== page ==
The Hospital Ghost
by Nancy Wallace
I found a job at a hospital in Hinsdale, Illinois, which specialized in and had a very commendable tuberculosis unit. One night, while I was completing some paperwork for a patient’s chart, I heard someone crying. I looked around to see if I could spot anyone, as the sound didn’t seem to be coming from any of the rooms, and it was long after visiting hours.
I checked each room, but I could not find the source of this crying; in fact, it was in the middle of the night, and most patients were sound asleep. Every time I would go back to the nurse’s station and resume my work, I would hear the crying again.
I finally asked one of the aides if she had heard anyone crying, and she looked concerned and said, “No. Why, do you hear someone crying?” and started looking up and down the halls. I told her I definitely heard someone weeping, and that it sounded like a woman’s voice.
The aide, who was also my friend, gave me an odd look. We were working on the men’s ward, which was a locked ward at the time. There was no way, really, that a woman could have been on that floor, unless it had been another nurse or medical assistant, and everyone was accounted for. The aide kept telling me she wasn‘t hearing any crying, while giving me sidelong looks that translated to, “Nancy’s gone crazy.”
The crying continued. I tried to ignore it. After about 20 minutes, I glanced down the hallway one more time. I saw a shadow move out of one of the rooms. I didn’t get up, because I immediately knew it wasn’t a person, but a ghost.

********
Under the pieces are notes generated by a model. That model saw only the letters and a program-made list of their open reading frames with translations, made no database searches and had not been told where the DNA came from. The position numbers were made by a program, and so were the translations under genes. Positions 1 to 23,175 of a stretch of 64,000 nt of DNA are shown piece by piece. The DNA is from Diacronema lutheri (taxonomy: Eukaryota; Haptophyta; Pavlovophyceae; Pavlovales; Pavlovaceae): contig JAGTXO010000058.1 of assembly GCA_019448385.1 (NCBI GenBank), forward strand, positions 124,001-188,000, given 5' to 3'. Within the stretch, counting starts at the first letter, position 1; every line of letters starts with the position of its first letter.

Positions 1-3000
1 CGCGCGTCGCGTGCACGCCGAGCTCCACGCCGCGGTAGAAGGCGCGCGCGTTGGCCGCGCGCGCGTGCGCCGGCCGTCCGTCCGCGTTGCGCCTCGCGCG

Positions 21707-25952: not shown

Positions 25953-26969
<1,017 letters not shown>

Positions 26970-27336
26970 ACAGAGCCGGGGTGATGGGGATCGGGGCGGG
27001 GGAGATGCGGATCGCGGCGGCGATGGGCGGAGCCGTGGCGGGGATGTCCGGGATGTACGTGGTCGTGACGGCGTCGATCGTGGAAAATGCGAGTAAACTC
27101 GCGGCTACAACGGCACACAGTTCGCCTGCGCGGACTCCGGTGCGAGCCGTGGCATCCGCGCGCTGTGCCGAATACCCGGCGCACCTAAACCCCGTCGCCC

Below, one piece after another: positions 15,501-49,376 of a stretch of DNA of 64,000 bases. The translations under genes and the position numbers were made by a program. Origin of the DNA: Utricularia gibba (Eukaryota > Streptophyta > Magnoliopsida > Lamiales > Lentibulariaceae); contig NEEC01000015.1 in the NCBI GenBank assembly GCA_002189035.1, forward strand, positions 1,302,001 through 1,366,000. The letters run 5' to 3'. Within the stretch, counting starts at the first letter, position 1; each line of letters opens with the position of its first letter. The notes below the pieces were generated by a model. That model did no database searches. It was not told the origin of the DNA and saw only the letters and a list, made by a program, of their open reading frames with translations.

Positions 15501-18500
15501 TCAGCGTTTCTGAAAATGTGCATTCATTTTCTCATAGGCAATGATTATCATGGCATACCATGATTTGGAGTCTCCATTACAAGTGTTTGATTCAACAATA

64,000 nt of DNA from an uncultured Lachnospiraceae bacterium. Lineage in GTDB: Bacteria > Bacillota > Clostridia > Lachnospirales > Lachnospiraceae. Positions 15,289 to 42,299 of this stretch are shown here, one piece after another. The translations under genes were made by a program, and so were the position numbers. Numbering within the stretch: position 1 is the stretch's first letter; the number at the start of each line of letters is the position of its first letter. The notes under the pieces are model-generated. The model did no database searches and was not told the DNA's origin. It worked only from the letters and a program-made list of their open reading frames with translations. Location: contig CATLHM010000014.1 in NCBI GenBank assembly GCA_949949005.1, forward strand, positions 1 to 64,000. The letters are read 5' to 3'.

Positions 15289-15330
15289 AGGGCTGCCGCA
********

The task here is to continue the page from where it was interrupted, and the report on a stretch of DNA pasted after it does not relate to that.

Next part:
I watched as the ghost started walking up the hall, toward me. She appeared to be holding her head down in her hands and crying. The aide also saw the ghost, and she became very, very frightened and started to pray.
At first, the ghost materialized as something very similar to a smoky-like substance, with an “airy” kind of look. Then, gradually, the smoky look turned into a more “figured” body, and I could make out a lady with shoulder-length, mousy-brown hair, which was kind of messy-looking. She stood about 5’5”.
I told the aide quietly that this was the spirit of someone who had died here, but that she didn’t know she is dead. Almost as soon as I spoke those words, the ghost vanished into thin air.
That aide quit the following day. I’m sure it was quite a disturbing experience for someone who most likely wasn’t used to seeing ghosts, but then I thought about how quickly the ghost moved out of our sight when I said, “She doesn’t know she is dead.”
As is often the case with ghosts, when they are recognized and addressed, and particularly when they are told that they are dead, they will listen to us and move on to the other side. Apparently this poor earthbound spirit who had believed she was still alive in the hospital and suffering, had heard what I said and she “got it.” If my instincts were right and she did go toward the light, I’m very happy I was able to assist her in that transition.
A few weeks later, I discovered that a lady had died on that floor years before it had been converted into a men’s TB ward, and she would often appear on the anniversary of her death. No one wanted to talk about it.
Note: This article is excerpted with permission from Nancy Wallace’s autobiographical book, Raised By Angels (2007; ISBN 978-1-60402-001-4).
See Nancy’s interview in this issue!